Neo-Platonic philosophy (vastly influential in early Christian thought) often resorted to the metaphors of music to describe the world itself. The phrase "the music of the spheres" in the popular hymn by Babcock is a vestigial expression of the early belief that the world itself "made music" as it moved in its ordained rounds. Mimesis is possible in music. The power of natural events is recreated in the expressions of music. So the great supernatural events of religious faith are best "described" by music whereas they may appear problematic in discursive speech. Note that the mighty events recorded in the New Testament are often given musical settings, as in the Christmas stories and in the apocalyptic visions of the Revelation of John.

Music, existing in time, is the art most congenial to the imagination. It participates in the "environment" of a person_s space without taking up space. As such, it does not "crowd" belief by the risks of location or space or thing-ness. Therefore, it is most congenial to the Judeo-Christian sense for the non-spatial character of God. But because it is formed by natural organs, such as voices, brass, wood, and animal skins, it also participates in the natural, spatial world as well.

This coincidence of time and space, nature and supernature, makes possible the metaphor of the creative event itself. Since religion assumes the meeting of the transcendent and the immanent, the event of music permits the ever new event, powerful in its newness yet linked in time and memory with faith. That is why Alex Robertson could say, "To sing the chorales of Bach is for the disbeliever to experience the suspension of disbelief."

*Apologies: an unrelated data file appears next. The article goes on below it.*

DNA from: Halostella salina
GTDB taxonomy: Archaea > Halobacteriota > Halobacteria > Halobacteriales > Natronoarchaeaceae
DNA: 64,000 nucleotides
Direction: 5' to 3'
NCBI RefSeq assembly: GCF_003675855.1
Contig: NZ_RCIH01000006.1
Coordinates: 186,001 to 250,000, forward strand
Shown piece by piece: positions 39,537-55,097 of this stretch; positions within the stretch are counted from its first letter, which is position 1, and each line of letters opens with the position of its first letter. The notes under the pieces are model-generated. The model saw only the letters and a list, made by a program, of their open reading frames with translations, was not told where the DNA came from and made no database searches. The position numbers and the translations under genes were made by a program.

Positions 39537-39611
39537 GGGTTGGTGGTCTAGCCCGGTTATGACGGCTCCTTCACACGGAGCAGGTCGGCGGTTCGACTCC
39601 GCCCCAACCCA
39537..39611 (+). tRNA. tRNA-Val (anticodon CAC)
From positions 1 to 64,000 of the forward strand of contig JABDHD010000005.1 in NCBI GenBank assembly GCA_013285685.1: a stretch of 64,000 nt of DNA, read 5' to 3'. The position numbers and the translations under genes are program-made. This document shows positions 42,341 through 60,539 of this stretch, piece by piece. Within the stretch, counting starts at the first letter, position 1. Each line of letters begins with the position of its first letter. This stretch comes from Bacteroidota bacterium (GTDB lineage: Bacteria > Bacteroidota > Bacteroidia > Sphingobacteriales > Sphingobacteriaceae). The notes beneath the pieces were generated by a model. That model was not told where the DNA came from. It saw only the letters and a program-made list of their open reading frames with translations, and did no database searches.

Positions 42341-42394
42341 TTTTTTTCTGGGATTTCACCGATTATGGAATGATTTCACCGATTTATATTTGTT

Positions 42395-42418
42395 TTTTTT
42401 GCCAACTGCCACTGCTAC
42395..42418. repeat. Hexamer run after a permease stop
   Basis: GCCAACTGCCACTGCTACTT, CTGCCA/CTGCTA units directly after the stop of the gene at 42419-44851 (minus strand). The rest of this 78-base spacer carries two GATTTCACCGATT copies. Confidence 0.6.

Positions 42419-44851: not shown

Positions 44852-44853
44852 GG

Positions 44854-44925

Church musicians are engaged in serious theological work. This may not seriously be admitted by the clergy but it is true. In its lower forms of misunderstanding, church music may be seen as mere embellishment of an event that is more adequately carried by discursive speech. The sermon is a kind of theology and in its more powerful shapes it does have the same authority as music. But that authority probably will be due to the rhythmic and tonal structure of the sermon as much as anything else. In black preaching, we come close to preaching as solo and choral music. But preaching cannot command the full range of possibilities inherent in music as expressive form. Thus it is that the theology of a period strangely survives in its religious music and not in its discursive speech. We still sing hymns from the third century, but who but scholars read the sermons of that period? Plainchant survives but the medieval homilies have not. The Reformation lives in its hymns as does the evangelical revival of the 18th century in Wesley and Watts. The irony is that the medium most dependent upon time is in fact the most timeless medium.

These observations are not intended to radicalize church musicians in their continuing struggle with clerical Philistines. But they are intended to give a preliminary suggestion of the profoundly theological structure of church music and to encourage understanding and even appropriation of the role of "theologian" as proper for the church musician.